The college was a 24 hour operation, and myself and an older gentleman had Monday-Tuesday as our weekend. However with many holidays falling on the Monday, we rarely received a three day weekend.We were compensated instead and paid holiday pay. But my colleague, being a man of leisure, reckoned that he was being cheated out of holiday days. He approached HR about Replacement Holidays and he was rejected. He decided to then research the ESA website and found that yes, legally he was entitled to his choice of either a replacement holiday, or holiday pay.

He forward this information to HR, highlighting specifically:

                  “A substitute holiday is another working day off work that is designated to replace a public holiday. Employees are entitled to be paid public holiday pay for a substitute holiday. A substitute holiday must be scheduled for a day that is no later than three months after the public holiday for which it was earned, or, if the employee has agreed in writing, the substitute day off can be scheduled up to 12 months after the public holiday.”  https://www.labour.gov.on.ca/english/es/pubs/guide/publicholidays.php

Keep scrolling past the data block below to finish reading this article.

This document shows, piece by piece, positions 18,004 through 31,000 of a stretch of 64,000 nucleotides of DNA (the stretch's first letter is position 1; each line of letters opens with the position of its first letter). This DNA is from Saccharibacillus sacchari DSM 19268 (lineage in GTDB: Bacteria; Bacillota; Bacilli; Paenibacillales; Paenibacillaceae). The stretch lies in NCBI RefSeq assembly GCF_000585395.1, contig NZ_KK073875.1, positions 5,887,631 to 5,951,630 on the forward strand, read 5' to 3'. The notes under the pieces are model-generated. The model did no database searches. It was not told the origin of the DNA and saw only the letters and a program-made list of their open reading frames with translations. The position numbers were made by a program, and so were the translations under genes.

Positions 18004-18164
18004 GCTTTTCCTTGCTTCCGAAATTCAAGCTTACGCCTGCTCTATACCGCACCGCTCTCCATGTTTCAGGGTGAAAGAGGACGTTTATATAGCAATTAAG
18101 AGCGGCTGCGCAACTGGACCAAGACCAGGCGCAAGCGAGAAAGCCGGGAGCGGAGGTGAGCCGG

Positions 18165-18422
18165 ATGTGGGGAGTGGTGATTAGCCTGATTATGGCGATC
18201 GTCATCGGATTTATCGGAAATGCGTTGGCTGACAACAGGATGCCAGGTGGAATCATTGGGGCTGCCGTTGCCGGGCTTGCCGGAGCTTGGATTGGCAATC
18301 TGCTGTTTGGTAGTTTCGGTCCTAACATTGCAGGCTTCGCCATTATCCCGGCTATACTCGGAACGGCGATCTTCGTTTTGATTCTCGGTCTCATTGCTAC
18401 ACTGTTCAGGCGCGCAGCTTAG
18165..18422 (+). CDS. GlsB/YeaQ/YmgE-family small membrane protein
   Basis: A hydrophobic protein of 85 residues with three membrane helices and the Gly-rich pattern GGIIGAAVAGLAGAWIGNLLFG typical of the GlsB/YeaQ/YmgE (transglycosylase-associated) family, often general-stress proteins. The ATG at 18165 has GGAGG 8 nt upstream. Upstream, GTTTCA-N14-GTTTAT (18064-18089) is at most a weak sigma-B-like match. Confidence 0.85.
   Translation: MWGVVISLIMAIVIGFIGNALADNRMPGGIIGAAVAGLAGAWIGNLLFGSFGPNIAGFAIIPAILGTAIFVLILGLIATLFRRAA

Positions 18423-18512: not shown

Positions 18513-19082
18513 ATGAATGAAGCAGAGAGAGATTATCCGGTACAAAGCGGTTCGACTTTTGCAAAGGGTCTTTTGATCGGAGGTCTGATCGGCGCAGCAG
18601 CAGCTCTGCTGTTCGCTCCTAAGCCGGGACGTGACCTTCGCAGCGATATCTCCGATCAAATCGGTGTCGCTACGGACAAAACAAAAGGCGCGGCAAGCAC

After not hearing anything for two weeks, his replacement holiday request was quietly accepted.

Now my colleague was a veteran of the Canadian labour force. Serving in the steel industry for three decades. He had battled in union negotiations and seen the labour industry fight for years to obtain these rights. He knew there was blood lost to obtain these rights and he felt it his duty to both use his rights, and educate others on their rights.

So here are several common ways employers attempt to bypass Labour Law.

Minimum Shift/ 3 hour rule. 

Employers, especially in retail and hospitality, will often overstaff in expectation of a busy period. Usually if employers see that they are overstaffed they will send people home. Your employer must pay you a minimum of three hours for any shift you turn up to, regardless of if you worked three hours.